The first step focused on the existing fruit trees in the community, local markets, and physical environment. Since the farmer wanted a fruit tree primarily to provide income, using the tree location and function worksheets (4, 5 and 10), they made a list of all the trees that were used for fruit and what fruit they knew to be sold.

Using the indications in Worksheet 15, part 5 ("Marketing of tree products"), the farmer and her sister made an informal survey of the market where the sister lived, and spent an afternoon talking to vendors. They were interested in knowing which fruits were getting the best prices. On his trips around the area, the field worker went to other local markets to see if additional fruits were being sold. He was able to follow several fruits to the city markets. He also asked other field workers in the area and those in other projects what was occurring in local fruit markets and the availability of fruit tree seedlings.

The field worker checked extension material to see what fruits were recommended based on the physical environment of the area. He compiled a physical environment profile using Worksheet 6. Since he had only lived in the area for two years, he checked the information, especially the dependability of the rains, with members of the community.

Using Worksheets 8 and 9, the field worker and farmer created a household profile. There were four children, ranging in age from a baby to an eleven-year-old. The household had one hectare of land, which was about average for the area. It was located on the side of a small hill with a stream about a fifteen minute walk from the house. The homestead and fields were next to each other. Major crops grown were maize, bean, and banana. There was one cow. Some off-farm grazing was available, but on-farm fodder was needed. The farmer provided most of the labour, but the older children helped when not in school. The major source of income was remittances from her husband who worked and lived outside the area. However, the amount from her husband was not enough. School fees were increasing, and as the younger children got older, more income would be needed to pay their fees.

Currently, trees were found in the home compound and in the fields. In the past, the protection of naturally occurring trees had been the predominant means of tree establishment. Now, however, especially valued trees were being planted. On the farmer's landholding, the fruit trees were mango, citrus, and papaya. Four mango trees were scattered in the croplands. These were old trees that had been planted or protected by the farmer's father-in-law years before. There were also several more recently planted mangoes in the home compound, as well as several citrus trees and papaya. Some of the papaya had grown "naturally," meaning that it not been planted. Although the farmer sold some mango and citrus to neighbors and occasionally at the local market, the quality was not good. The papaya grew well, but there was a very limited market for the fruit.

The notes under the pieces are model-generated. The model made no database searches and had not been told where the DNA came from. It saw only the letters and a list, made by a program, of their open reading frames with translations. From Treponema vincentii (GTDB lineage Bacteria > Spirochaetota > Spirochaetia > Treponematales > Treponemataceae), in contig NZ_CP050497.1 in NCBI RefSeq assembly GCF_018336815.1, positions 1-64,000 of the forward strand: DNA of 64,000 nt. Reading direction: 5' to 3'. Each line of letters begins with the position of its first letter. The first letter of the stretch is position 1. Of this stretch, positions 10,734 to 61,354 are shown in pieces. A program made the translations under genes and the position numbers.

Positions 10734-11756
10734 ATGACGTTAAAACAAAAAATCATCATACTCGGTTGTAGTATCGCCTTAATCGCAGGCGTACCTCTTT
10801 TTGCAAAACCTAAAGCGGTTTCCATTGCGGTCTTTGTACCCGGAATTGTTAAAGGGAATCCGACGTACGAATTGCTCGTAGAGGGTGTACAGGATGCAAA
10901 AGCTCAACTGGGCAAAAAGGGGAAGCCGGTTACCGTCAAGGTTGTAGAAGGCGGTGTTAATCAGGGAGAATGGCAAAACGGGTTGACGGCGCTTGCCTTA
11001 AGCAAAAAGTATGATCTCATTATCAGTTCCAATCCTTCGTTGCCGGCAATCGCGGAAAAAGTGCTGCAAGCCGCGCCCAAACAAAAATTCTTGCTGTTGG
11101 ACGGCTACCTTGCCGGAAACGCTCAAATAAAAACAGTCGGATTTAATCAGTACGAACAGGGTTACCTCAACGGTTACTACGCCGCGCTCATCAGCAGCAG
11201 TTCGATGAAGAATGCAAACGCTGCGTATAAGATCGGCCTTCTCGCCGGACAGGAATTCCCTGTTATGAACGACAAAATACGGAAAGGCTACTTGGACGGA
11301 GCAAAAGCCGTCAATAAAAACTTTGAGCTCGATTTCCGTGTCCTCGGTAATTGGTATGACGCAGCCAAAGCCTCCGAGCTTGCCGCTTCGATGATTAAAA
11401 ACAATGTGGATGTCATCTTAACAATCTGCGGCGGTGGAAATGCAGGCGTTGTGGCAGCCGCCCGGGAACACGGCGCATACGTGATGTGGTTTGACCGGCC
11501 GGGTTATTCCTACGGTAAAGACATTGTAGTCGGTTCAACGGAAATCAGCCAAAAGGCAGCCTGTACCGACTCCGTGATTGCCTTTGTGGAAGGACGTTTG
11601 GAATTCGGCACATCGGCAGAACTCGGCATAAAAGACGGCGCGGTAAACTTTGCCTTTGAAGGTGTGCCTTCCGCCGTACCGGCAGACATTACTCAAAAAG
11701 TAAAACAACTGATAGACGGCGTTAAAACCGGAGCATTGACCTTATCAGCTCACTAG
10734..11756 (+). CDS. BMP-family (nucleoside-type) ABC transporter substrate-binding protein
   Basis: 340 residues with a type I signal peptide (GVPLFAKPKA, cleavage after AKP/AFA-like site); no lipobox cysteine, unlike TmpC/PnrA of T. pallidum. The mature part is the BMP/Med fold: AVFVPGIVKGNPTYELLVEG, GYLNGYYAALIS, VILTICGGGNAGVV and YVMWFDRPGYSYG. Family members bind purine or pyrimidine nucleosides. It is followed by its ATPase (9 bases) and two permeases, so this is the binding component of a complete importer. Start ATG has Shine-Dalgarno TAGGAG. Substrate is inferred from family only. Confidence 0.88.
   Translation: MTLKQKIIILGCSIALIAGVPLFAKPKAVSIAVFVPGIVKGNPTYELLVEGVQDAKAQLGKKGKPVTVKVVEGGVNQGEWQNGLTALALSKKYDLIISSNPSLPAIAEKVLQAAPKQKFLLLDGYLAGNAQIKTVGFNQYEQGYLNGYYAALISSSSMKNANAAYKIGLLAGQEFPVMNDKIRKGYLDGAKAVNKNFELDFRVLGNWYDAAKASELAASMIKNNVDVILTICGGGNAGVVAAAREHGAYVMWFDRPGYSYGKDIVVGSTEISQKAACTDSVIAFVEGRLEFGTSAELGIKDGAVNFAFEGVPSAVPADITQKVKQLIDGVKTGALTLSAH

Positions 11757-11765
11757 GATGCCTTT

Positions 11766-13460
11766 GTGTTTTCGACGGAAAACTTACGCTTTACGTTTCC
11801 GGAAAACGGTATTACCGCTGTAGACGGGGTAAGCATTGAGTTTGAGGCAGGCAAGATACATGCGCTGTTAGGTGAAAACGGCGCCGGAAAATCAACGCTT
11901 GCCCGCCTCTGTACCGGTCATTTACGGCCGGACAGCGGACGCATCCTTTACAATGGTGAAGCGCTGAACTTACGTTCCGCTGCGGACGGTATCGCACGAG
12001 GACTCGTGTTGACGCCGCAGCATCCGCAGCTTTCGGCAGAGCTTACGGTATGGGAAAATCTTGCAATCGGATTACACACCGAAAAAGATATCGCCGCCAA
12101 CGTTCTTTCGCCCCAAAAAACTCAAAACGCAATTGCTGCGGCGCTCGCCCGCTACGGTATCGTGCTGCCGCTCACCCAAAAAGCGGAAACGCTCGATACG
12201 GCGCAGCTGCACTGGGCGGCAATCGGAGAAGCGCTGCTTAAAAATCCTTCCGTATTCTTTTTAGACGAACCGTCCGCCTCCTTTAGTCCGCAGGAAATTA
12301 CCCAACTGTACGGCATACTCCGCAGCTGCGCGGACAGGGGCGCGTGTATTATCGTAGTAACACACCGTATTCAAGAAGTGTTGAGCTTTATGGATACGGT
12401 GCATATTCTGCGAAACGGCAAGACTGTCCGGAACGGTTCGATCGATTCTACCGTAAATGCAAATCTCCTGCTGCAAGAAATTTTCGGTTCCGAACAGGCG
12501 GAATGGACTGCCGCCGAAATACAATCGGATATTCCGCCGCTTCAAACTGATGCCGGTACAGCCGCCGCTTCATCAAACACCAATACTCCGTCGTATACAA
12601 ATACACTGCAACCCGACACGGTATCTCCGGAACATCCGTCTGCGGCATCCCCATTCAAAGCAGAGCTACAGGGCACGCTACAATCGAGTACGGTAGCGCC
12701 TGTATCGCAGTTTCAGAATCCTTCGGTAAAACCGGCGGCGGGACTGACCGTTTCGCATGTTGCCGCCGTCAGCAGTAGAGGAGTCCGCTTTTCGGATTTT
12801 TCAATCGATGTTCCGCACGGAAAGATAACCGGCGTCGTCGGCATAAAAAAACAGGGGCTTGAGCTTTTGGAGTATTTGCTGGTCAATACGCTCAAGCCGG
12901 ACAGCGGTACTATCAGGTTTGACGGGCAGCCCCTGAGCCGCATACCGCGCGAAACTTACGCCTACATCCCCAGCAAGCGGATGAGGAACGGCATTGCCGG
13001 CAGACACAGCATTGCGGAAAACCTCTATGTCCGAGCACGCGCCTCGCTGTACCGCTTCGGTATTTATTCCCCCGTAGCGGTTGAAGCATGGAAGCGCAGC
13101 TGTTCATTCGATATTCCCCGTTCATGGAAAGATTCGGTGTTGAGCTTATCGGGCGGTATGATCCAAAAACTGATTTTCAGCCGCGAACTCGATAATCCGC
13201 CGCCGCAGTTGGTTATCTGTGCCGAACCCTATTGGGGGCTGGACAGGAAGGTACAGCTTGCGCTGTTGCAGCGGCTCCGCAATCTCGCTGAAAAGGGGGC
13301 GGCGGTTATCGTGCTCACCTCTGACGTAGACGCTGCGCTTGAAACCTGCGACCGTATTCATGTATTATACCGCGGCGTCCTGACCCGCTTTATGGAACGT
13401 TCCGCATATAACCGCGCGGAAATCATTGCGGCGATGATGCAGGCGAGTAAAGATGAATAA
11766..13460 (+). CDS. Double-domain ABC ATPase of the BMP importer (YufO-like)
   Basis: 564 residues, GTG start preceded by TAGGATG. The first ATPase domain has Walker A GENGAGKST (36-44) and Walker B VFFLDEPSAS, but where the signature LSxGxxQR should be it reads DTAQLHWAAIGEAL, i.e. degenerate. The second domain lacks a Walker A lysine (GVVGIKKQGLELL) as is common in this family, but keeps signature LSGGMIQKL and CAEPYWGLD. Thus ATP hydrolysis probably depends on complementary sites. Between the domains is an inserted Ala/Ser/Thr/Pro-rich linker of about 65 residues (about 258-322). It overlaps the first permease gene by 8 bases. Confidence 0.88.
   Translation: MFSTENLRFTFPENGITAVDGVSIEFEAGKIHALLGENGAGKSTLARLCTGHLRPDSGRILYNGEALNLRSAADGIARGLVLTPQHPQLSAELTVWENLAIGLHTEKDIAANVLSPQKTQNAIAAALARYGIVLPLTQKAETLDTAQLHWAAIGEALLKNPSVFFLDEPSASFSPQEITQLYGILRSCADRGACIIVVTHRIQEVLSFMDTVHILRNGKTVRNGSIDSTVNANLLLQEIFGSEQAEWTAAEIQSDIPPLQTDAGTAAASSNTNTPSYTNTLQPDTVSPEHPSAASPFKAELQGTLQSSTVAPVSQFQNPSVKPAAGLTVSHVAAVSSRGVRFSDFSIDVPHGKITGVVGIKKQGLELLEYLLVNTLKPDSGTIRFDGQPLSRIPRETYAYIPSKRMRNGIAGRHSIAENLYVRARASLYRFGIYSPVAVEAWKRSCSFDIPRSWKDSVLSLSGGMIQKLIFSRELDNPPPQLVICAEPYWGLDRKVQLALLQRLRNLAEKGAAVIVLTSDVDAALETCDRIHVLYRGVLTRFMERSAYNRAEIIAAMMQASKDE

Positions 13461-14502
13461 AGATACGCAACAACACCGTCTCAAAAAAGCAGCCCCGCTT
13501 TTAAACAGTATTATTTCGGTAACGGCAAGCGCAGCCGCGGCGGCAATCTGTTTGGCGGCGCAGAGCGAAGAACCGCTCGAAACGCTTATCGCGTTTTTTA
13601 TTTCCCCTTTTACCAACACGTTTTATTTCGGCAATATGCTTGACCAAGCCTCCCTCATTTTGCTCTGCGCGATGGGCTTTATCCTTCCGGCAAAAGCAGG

The farmer planned to plant the trees in the homestead area where it would be easier for her to provide care and protection. Also, customary rights gave her more autonomy in decisions concerning the homestead than the fields, and more control over its products.

The field worker and farmer discussed the possibilities (Chapter 5). Avocado was fetching a high price in markets in the area. However, avocado (Persea americanus) was only grown where rainfall was higher and less erratic than in the farmer's community. Also the leaves and bark were toxic to livestock, so it could not be used as fodder. Jackfruit (Artocarpus heterophyllus) could grow well in the local climate and the leaves and fruit could be used for fodder. Seedlings were available through the project, but although it was grown elsewhere in the country, there was little local knowledge about it and a limited market for it in the area. The field worker had access to improved citrus and mango varieties and could provide them at a small but affordable cost. The market for citrus was well established, and there was a growing demand for the newer varieties of mango.

The farmer was curious about the jackfruit. She had eaten it several times and found it too sweet, but the field worker told her that it could also be cooked when green and eaten as a vegetable. Other field workers in the areas where it was grown reported that a market for the fruit had gradually developed. That it could also be used as fodder provided an additional incentive. The farmer decided to plant improved citrus and several jackfruit. The citrus were early maturing varieties and whereas they would require intensive care during the establishment phase, she thought that the better quality fruit would provide the needed income. Her decision not to plant mango was based on the size of the tree and the already existing mango trees on her farm. It is a large tree and she was reluctant to put more land under a fruit tree that she already had in large amounts.

Appendix 2: Examples of Completed Worksheets

Note: Worksheets 2 and 13 have no examples in this appendix. Since Worksheet 2 is the community map, of which an example is already given in the main text, and Worksheet 13 is simply a list of ideal tree characteristics with no questions to answer.

APPENDIX 3: Secondary sources of information

Census data:
10-year census
village or household surveys by the Census Bureau
Maps (military, geological, etc.)
Aerial or satellite photographs
Meteorological Service
Soil survey data (maybe in Ag. Statistics)
Agricultural Statistics:
Crop production: areas of various crops; yields
Livestock production: animal types and numbers
Land use
Extension Service (training received)
Marketing Board
Sale prices of agricultural products
Storage and transport costs
Quantities sold
Project preparation documents
Many types of information, depending on project.
Universities and Research Institutes or Stations
Rich source of many types of information; depends on the
faculty or institutional specialization.
Forestry Statistics
Forest areas
Tree species
Wood harvesting and prices
(possibly: production and prices of non-timber forest products)
Government Policy and Legislation (national and local)
Laws and Rules regarding:
Tree planting/using/harvesting/cutting
Land and tree tenure: registration, sale, etc.
Court decisions regarding resource use or tenure disputes.